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"Making the Desert Bloom": The Rio Grande Project
Supplementary Resources

In this lesson, students have learned about how the Bureau of Reclamation transformed the valley of the Rio Grande by creating Elephant Butte Dam and the Rio Grande irrigation project, and about some of the problems they encountered along the way.  Those interested in learning more will find much useful information on the internet. Some sources are:

Project Details for the Rio Grande Project
This Reclamation website provides basic information on the Project, including descriptions of its features, its history and construction, and the benefits it provides.

Bureau of Reclamation History
This website includes links to a number of documents, including a short history of Reclamation, a longer, book-length history of the years before 1945, and a study of large Federal dams, including Elephant Butte.

The full text of the 1902 Reclamation Act can be found on a website maintained by the Center for Columbia River History.

National Park Service

The Bureau of Reclamation Historic Dams and Water Projects travel itinerary includes Elephant Butte, Leasburg, and Percha dams, as well as useful essays on water in the West, the mission of the Bureau of Reclamation, and Reclamation’s engineering achievements.

The Teaching with Historic Places lesson plan, "The Greatest Dam in the World": Building Hoover Dam, discusses why and how Hoover Dam was constructed, in the context of the changing focus of the Bureau of Reclamation in the late 1920s and 30s.

The Adeline Hornbek and the Homestead Act: A Colorado Success Story Teaching with Historic Places lesson plan tells how a single mother of four defied traditional gender roles to become the owner of a successful ranch under the Homestead Act.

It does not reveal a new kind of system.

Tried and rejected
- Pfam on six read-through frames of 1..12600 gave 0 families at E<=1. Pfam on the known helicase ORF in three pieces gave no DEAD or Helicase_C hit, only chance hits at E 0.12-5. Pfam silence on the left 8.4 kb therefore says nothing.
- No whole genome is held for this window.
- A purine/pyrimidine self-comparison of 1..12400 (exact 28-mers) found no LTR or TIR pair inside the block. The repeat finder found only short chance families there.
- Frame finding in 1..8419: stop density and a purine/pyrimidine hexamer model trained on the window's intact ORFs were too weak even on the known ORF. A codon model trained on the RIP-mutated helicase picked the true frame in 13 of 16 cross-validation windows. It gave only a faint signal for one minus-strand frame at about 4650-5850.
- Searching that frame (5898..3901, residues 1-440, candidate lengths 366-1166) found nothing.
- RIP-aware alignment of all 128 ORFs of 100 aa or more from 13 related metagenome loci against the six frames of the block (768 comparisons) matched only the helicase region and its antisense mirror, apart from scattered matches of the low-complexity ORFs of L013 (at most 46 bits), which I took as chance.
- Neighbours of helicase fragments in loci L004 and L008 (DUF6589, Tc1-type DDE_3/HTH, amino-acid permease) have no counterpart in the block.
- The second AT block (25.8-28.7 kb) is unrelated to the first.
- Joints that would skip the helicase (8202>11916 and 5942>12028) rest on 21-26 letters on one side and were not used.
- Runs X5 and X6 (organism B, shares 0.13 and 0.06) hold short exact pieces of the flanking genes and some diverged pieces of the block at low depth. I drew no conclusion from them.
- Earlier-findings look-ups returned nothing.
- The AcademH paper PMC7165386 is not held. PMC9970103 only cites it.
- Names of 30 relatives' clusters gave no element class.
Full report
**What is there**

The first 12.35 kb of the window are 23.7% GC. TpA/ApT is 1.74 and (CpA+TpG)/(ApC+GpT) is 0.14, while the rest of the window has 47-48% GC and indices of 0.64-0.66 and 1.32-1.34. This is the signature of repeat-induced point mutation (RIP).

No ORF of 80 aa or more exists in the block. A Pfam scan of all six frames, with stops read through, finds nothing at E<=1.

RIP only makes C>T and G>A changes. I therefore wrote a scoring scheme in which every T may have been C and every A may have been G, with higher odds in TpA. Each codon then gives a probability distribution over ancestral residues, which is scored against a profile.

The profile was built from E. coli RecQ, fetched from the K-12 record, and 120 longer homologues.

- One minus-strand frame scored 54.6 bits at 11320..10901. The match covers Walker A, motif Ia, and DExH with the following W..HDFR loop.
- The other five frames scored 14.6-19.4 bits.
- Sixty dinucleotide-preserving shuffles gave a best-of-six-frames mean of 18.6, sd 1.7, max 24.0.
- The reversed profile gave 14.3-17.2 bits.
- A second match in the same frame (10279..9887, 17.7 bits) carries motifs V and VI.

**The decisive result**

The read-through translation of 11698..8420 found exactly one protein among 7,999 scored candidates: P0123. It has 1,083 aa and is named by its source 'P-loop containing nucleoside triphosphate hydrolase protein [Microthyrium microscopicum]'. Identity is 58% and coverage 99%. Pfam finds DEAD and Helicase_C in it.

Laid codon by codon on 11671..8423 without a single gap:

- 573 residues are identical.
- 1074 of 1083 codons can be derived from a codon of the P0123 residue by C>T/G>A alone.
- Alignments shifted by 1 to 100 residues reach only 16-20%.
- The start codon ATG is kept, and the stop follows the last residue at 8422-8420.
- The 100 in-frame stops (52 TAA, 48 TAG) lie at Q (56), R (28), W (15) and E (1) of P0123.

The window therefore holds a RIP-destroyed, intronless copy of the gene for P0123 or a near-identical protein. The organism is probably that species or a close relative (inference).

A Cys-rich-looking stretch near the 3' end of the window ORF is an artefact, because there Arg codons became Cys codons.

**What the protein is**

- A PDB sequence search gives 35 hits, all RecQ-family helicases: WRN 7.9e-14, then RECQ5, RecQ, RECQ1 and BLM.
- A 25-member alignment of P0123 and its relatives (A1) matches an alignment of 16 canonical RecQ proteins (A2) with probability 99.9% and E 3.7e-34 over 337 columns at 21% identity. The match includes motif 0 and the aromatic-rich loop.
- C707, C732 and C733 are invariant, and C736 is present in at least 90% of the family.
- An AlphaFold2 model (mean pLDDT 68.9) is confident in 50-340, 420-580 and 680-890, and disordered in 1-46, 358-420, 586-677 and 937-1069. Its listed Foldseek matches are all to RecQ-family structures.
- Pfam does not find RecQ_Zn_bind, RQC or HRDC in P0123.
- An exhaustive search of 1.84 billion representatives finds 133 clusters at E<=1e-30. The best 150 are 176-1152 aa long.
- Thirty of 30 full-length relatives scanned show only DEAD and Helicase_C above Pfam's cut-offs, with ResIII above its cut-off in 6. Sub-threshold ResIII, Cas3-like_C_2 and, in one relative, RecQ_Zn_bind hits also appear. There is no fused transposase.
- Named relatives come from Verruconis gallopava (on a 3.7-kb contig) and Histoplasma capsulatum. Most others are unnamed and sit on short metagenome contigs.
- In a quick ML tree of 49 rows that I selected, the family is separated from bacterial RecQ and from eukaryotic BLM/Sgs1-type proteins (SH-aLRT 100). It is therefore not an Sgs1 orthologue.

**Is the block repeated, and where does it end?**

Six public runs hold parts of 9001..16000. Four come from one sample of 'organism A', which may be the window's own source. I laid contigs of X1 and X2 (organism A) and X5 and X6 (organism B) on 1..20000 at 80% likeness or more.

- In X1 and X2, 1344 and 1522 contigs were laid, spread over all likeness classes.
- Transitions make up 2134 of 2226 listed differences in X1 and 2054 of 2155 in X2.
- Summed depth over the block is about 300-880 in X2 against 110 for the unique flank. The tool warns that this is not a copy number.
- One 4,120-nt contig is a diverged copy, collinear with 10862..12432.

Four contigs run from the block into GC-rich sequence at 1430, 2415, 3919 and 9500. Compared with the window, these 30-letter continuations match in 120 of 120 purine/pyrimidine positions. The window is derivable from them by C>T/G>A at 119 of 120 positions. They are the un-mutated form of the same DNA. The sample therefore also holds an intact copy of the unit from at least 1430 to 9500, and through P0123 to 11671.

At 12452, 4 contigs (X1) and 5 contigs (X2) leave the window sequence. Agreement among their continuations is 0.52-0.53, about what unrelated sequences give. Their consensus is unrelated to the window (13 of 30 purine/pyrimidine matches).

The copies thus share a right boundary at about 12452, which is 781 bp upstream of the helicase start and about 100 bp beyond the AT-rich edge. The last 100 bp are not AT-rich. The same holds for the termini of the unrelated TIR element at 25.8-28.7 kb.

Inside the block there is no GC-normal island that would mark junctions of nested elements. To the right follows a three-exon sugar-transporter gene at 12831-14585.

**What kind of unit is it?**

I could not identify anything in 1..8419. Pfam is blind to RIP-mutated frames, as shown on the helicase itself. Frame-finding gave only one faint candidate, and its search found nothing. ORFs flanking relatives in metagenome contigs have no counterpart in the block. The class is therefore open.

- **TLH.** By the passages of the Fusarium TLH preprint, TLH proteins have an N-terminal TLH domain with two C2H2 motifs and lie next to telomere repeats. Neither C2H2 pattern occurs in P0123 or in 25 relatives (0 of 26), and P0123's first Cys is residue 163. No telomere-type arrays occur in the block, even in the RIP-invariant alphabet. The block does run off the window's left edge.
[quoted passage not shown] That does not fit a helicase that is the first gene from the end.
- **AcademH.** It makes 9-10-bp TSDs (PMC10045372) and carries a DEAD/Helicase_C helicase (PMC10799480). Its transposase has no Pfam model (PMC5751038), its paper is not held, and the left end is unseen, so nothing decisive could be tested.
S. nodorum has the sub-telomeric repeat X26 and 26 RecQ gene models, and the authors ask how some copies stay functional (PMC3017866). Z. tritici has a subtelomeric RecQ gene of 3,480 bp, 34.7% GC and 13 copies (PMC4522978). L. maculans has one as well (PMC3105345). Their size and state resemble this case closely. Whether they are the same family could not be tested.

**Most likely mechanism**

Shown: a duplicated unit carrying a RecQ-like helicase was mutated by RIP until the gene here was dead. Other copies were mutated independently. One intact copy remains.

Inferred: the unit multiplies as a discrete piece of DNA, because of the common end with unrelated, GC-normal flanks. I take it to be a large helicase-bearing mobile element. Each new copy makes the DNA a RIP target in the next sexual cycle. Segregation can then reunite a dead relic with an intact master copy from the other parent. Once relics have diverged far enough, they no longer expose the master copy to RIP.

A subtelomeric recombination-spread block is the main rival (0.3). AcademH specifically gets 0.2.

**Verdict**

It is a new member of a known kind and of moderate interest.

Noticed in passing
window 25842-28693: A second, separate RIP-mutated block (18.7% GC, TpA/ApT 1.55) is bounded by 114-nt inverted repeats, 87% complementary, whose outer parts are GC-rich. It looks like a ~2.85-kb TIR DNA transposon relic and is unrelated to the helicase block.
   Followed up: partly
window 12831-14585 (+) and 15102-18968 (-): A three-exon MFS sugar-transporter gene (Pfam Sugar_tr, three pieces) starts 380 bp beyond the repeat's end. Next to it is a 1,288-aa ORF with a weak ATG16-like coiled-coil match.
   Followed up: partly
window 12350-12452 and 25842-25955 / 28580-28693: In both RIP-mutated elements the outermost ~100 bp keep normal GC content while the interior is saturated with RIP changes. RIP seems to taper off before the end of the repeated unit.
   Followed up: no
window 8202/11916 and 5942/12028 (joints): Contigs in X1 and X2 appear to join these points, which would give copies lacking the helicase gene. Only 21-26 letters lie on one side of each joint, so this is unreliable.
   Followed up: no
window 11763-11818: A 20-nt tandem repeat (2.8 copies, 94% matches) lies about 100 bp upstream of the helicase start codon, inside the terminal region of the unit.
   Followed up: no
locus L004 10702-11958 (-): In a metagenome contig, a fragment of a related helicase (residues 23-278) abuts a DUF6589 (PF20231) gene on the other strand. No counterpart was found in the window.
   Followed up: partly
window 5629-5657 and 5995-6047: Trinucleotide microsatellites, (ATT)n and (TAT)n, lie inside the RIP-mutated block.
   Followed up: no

Progressivism
This website, created by the Oswego City School District Regents Exam Prep Center in Oswego, New York, provides a clear and readable history of Progressivism in the United States, including a list of the most important reform laws passed during the period.

Irrigation
A website maintained by the Texas Department of Transportation contains a link to an excellent, detailed "Field Guide to Irrigation in the Lower Rio Grande Valley."

The website of the Food and Agriculture Organization of the United Nations has a link to a chapter of a book that provides simple explanations of how an irrigation system works, with graphics.  Other chapters in the same book, published by the FAO in 1985, cover soils, topography, etc.

The Bureau of Reclamation’s Mid-Pacific Region has developed a website that contains educational materials that use an idealized farm to explain the three basic irrigation methods, how each one works, when it works best, and what the costs and benefits are.  The site also includes lesson plans.

The U.S. Geological Survey has created a Water Science for Schools website that answers every question you are likely to have about water, including information about how wet your state is.

Water in the West
This website, maintained by the U.S. Department of Agriculture, discusses irrigation in the Western United States today, including efforts at water conservation.

This website contains the full text of the Bureau of Reclamation's report on global climate mentioned in “Putting It All Together.”

Population statistics
Historical population data for Albuquerque, New Mexico can be found at this website.

Historical population data for El Paso, Texas, can be found at this website.

Historical population data for Las Cruces, New Mexico, can be found at this website.


 

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